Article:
Saturday, July 10, 2010

Want a Beer?



Rare for this summer was a rainy day. Fourteen days of sun and excessive heat not only made the grass and trees tired, most of the people on Absceon Island looked brown and wilted, too. But today was different. It started out gray and muggy and it got grayer and grayer, until finally it rained. First a drop here and then a drop there teased the parched ground of what might be. After about an hour of foreplay, the drops of rain began to wet the streets enough for the car tires to kick up some spray. Finally!

It was a nice steady summer rain, the kind of warm, wet environment which induced Prescott Jerusalem to mount his Trek.



Press rode all over the 9 mile long and 3/4 mile wide barrier island whenever he could. Pedaling and pedaling helped his cardio fitness. The rides around the island and down the boardwalk were enhanced by the people watching. So many different kinds of people walked the boardwalk, bathed in the ocean and frolicked on the beach that his eyes moved back and forth like a man with lateral nystagmus. One time, after he bought infrared sunglasses on eBay, he collided with a trash can. He fell off of the bike and he picked up some splinters in his right arm and leg. These special sunglasses were supposed to let the wearer see through wet bathing suits. Pressman thought he could see a cougar's nipples as he blasted by the Philadelphia Avenue beach. When he recovered, with the glasses smashed on the boardwalk next to his bent front wheel, he could see those nipples better than ever. Dark Erasers!

Jerusalem hated his surname. People, everywhere during his entire 37 years, have made the assumption that Pressie is a Jew. Not that he would mind being a Jew, since he believed that Jews were really the Chosen People. All of the Jewish men and women the Presser knew were smart and rich and they all had good families. Press Jerusalem is a career postal worker, whose wife left him two years ago. Alicia told P'man that he was "borzo". He wasn't sure what that meant, but his spouse of ten years moved in with a Lithuanian rolling chair pusher. His name is Bronislovas Miklasevicius; he has perfect buns and he works in front of the Hilton Casino. P'Jeru sees the Brontasarus from time to time as he bikes by the rolling chairmen. They wait for weak legged casino exitees, who need a push to the next casino down the 'Walk, the Tropicana. Alicia's past and present men wave at each other with their hands dorsiflexed and held waist high. They show each other about 4 mm of teeth with their lips set somewhere between laughter and derision. Sometimes male signaling can be odd.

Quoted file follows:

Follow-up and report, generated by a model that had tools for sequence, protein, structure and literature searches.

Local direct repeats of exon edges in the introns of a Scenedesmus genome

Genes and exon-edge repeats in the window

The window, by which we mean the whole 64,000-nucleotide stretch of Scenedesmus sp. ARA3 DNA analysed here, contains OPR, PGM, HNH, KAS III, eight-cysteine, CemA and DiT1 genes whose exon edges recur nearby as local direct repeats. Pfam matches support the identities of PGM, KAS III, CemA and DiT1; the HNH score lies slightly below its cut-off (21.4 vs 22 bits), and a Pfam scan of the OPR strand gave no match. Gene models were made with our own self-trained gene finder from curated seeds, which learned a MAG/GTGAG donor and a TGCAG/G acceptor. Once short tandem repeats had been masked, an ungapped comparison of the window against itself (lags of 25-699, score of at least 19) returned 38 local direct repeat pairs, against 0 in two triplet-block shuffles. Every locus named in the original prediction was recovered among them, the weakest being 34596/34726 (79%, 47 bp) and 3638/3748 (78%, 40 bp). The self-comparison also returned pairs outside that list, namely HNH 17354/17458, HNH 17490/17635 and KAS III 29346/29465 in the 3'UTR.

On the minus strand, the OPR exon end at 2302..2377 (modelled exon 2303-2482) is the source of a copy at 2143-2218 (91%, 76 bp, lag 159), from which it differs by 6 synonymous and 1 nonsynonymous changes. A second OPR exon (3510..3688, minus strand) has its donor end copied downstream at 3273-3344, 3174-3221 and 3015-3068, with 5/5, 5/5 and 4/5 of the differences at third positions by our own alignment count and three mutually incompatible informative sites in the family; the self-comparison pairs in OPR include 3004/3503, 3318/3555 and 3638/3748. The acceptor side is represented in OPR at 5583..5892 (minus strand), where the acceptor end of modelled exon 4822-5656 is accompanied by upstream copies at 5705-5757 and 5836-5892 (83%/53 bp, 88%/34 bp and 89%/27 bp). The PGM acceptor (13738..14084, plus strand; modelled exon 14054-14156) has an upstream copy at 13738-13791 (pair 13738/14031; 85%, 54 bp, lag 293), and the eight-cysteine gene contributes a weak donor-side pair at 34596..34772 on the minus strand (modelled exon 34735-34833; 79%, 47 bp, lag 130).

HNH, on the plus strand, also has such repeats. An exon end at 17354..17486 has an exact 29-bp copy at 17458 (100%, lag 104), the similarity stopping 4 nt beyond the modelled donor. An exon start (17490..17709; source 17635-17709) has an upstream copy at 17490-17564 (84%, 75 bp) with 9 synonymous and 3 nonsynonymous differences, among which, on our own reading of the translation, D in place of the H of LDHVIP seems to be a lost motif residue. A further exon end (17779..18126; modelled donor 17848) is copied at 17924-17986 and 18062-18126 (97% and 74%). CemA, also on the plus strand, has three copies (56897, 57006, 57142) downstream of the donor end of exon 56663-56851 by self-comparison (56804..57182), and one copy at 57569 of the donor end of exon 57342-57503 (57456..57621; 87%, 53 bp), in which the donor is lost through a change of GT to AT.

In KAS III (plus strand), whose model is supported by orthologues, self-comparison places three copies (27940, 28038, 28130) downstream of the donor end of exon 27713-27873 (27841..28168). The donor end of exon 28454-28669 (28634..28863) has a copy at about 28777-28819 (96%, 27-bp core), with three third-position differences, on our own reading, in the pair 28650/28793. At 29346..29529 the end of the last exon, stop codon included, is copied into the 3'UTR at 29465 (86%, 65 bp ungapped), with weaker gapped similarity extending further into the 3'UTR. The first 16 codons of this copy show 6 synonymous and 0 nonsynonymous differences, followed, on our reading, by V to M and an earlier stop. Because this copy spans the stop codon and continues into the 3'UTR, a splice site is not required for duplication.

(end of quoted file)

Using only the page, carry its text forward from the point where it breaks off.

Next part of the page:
The boardwalk was wet as the rain was moderate in intensity. Press Man gauged the precipitation a 4 out of 10, with 1 being a mist and 10 a torrential downfall. Jerusalem always did that 1 out of 10 thing. People, who knew him, soon got to despise 1 out of 10. "How was your lunch, 1 out of 10?" "Do you like your tires, 1 out of 10?" "Oh you sprained you ankle, how much does it hurt, 1 out of 10?" "What kind of mood is Snively in, 1 out of 10?" Sometimes co workers and friends would anticipate Presser's 1 out of 10 and simply say things like, "I had a 9 weekend" or "My mother in law is a 3". Usually this ploy didn't work because P. Jerusalem would ask what a 1 was and what a 10 was. In short, Jerusalem could make you hate yourself. Most people had to take an aspirin or an ibuprofen after interacting with Pressie.